Fall 2020

Sex and Power in the Middle East

This course explores how intimacy and sexuality has been central to power and resistance in the Middle East. When have empires, colonial powers, and nation states tried to regulate intimacy, sex, love, and reproduction? How have sexual practices shaped social life at the popular and elite levels, and how have perceptions of these practices changed over time? How have ideas about sex been central to the construction of race, class, and gender in the region? In our readings and discussion, we will approach sexuality as a field of inquiry that relates feelings, thoughts, and behaviors (including but not limited to those now categorized as homo/ heterosexual) to policymaking, literary expression, law, empire, and the management of land and wealth. We will ask how bodies and intimacies have been key to imperial and state governance; to colonialism and nation-building; and to the politics and possibilities of transnational solidarity. We will consider how the study of sexuality reframes major themes in the social, cultural, and political history of the Middle East. (Please contact for Syllabus).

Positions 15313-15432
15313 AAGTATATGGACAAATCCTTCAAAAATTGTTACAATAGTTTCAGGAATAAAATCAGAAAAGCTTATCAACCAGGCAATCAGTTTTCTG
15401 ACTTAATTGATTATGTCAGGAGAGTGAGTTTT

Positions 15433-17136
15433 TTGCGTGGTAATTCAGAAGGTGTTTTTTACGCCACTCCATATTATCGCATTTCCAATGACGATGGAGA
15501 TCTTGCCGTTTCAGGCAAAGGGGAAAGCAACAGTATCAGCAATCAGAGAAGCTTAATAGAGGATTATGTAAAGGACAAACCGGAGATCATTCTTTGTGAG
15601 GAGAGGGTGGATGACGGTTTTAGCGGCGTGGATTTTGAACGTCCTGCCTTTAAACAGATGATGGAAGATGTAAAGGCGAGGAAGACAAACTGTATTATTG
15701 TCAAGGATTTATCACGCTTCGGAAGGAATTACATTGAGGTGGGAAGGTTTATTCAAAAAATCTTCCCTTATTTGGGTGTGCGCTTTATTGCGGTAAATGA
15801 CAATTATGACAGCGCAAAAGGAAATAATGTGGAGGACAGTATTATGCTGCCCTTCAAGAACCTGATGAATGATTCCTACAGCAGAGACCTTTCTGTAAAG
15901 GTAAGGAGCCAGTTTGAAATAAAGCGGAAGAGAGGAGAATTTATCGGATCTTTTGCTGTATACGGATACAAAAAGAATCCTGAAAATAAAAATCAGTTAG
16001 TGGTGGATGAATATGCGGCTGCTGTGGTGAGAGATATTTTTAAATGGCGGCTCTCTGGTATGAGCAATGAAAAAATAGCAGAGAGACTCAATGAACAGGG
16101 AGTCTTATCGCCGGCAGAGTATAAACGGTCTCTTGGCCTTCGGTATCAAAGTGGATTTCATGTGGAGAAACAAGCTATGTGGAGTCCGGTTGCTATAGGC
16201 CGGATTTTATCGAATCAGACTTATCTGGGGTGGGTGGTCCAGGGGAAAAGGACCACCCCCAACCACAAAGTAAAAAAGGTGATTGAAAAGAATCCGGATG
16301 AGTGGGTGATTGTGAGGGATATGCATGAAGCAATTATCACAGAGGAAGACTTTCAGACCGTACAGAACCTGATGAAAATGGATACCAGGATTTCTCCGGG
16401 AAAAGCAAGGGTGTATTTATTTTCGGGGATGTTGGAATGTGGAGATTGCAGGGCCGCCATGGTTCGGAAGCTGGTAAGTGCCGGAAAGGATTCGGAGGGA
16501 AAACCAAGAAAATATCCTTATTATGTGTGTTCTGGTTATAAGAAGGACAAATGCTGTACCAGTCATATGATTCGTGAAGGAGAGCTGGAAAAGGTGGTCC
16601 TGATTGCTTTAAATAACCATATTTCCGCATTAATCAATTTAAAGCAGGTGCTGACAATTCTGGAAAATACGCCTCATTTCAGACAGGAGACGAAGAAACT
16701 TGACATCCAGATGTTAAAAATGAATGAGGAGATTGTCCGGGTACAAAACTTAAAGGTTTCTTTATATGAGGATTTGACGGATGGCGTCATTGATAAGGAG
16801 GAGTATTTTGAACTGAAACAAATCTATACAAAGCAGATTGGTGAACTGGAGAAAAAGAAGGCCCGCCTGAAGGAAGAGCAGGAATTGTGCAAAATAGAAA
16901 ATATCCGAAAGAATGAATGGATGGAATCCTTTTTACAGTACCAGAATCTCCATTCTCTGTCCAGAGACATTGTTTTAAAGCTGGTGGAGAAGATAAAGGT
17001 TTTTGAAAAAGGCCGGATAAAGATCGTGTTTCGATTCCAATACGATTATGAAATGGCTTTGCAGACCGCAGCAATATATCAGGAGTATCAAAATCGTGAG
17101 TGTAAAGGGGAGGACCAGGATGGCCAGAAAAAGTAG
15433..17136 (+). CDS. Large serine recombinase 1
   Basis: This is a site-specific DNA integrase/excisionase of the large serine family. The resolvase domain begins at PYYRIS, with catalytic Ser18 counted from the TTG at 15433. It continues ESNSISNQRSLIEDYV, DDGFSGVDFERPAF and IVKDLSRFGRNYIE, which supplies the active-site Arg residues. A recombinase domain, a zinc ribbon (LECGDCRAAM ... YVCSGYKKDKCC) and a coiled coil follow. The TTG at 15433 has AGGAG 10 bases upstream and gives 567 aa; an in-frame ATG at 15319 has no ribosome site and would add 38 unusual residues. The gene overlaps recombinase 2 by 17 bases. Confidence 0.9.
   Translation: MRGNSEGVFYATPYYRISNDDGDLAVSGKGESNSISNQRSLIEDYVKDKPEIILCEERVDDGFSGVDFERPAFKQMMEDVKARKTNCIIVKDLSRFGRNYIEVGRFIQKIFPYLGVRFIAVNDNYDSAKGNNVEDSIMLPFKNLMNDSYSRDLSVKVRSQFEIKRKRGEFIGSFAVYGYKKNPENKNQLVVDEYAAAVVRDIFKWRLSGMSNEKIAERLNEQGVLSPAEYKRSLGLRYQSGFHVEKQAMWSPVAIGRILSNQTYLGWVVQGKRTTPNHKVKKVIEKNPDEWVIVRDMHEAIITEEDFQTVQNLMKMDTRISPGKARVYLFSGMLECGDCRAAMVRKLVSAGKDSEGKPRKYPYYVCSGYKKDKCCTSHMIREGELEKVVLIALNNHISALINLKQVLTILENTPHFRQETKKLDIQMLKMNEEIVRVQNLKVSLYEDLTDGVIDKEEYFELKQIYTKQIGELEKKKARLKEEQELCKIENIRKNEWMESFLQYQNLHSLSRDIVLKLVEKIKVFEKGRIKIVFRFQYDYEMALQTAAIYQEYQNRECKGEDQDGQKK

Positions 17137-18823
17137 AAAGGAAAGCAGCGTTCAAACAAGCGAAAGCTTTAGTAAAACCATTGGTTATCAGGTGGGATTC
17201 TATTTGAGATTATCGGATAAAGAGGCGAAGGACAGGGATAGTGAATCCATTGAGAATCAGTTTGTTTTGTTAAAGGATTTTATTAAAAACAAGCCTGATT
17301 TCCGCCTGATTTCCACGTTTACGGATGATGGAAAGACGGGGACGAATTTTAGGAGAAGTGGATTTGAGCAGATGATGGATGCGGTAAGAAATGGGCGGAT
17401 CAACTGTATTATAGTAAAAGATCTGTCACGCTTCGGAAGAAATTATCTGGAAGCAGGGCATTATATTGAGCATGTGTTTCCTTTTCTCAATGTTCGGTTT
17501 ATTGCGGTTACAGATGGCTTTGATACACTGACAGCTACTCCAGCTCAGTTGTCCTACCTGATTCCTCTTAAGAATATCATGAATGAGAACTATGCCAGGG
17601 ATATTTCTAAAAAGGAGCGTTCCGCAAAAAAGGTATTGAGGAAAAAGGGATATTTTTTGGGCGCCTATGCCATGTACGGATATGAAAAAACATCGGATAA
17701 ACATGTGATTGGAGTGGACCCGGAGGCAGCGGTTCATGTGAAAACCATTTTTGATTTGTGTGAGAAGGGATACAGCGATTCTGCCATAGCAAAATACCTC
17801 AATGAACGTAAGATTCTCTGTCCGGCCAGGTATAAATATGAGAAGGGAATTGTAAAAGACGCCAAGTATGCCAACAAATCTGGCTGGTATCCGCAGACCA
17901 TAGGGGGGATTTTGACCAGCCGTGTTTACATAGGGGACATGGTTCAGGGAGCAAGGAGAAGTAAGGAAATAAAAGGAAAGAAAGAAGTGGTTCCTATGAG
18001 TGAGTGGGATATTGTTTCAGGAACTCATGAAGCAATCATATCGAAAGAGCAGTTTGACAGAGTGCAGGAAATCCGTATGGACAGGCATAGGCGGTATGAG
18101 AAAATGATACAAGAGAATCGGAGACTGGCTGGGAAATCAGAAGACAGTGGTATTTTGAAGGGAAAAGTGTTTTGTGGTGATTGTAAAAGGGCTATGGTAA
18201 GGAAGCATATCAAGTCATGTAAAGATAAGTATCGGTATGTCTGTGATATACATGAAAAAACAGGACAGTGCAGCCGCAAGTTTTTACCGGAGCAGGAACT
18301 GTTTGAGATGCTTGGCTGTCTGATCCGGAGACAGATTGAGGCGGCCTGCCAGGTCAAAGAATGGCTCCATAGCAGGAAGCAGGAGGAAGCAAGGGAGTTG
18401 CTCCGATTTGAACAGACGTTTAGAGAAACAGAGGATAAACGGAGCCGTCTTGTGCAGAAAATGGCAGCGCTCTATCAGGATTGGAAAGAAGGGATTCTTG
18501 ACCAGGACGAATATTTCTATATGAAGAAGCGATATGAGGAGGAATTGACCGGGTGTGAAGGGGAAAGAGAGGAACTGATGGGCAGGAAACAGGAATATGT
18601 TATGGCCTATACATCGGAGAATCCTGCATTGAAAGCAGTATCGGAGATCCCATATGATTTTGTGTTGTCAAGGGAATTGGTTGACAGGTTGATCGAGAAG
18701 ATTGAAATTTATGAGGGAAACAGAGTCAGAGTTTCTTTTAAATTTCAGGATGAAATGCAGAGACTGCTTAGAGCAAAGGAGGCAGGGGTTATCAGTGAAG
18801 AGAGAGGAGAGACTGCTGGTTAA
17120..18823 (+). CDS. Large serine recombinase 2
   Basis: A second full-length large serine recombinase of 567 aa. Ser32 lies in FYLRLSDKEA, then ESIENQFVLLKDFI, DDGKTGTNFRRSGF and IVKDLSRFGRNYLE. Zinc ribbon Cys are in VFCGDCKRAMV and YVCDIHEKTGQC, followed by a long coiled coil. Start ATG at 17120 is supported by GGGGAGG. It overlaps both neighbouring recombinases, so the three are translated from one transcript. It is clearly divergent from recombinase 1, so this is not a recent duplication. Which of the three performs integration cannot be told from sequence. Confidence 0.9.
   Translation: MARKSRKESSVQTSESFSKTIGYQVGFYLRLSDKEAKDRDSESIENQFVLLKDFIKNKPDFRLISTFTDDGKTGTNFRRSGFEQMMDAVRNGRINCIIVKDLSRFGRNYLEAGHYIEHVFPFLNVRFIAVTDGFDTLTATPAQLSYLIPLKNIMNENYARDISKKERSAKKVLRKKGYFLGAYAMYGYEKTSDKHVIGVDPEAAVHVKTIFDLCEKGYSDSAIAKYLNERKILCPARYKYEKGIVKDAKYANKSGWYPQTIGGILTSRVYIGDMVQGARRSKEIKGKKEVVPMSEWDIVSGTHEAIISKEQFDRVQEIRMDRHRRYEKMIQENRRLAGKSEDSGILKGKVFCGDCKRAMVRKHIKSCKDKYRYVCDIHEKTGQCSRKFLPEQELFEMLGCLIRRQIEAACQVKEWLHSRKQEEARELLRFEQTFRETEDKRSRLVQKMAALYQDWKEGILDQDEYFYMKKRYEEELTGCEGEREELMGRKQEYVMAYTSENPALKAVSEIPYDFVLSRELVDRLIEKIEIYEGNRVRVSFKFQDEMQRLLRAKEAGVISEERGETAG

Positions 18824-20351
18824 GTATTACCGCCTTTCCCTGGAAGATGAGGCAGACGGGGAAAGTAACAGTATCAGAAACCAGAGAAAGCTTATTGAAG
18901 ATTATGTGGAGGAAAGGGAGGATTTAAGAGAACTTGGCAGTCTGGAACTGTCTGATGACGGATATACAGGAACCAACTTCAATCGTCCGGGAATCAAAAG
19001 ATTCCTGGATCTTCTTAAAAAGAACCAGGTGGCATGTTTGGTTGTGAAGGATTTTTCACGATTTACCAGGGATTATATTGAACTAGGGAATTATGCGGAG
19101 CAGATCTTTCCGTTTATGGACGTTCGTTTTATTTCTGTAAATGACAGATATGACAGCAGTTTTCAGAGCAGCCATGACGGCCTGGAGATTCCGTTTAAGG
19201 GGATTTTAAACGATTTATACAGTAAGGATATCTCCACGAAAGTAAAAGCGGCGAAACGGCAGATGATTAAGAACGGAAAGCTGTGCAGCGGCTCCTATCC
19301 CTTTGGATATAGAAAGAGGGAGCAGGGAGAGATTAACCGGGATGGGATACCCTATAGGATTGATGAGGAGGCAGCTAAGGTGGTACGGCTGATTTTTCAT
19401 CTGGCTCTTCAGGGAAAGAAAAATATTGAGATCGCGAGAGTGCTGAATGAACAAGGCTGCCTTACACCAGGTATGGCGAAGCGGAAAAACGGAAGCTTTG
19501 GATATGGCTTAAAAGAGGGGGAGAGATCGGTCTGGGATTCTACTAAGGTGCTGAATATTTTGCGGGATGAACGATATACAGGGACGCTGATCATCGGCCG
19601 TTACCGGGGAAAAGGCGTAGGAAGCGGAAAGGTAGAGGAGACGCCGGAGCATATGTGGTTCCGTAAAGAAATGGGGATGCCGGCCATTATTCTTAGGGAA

Introduction to the Modern Middle East

This course explores the history of the Middle East and North Africa region from the early 1800s until the present. We will examine some of the long and short-term transformations that shaped the region today, beginning from the perspectives of the region’s inhabitants. Starting at the end of the 1700s, people living in the region now referred to as the Middle East confronted and participated in new processes, many of which had global dimensions. These included: the rise of capitalism; new ways of thinking about religion and community; new structures of power and governance; the challenge of European imperialism; and new understandings of gender, class, and family life. As we work to understand these transformations, we will ask: how did people living at the time understand the changes around them? What claims were they making for a different world? (Please contact for syllabus)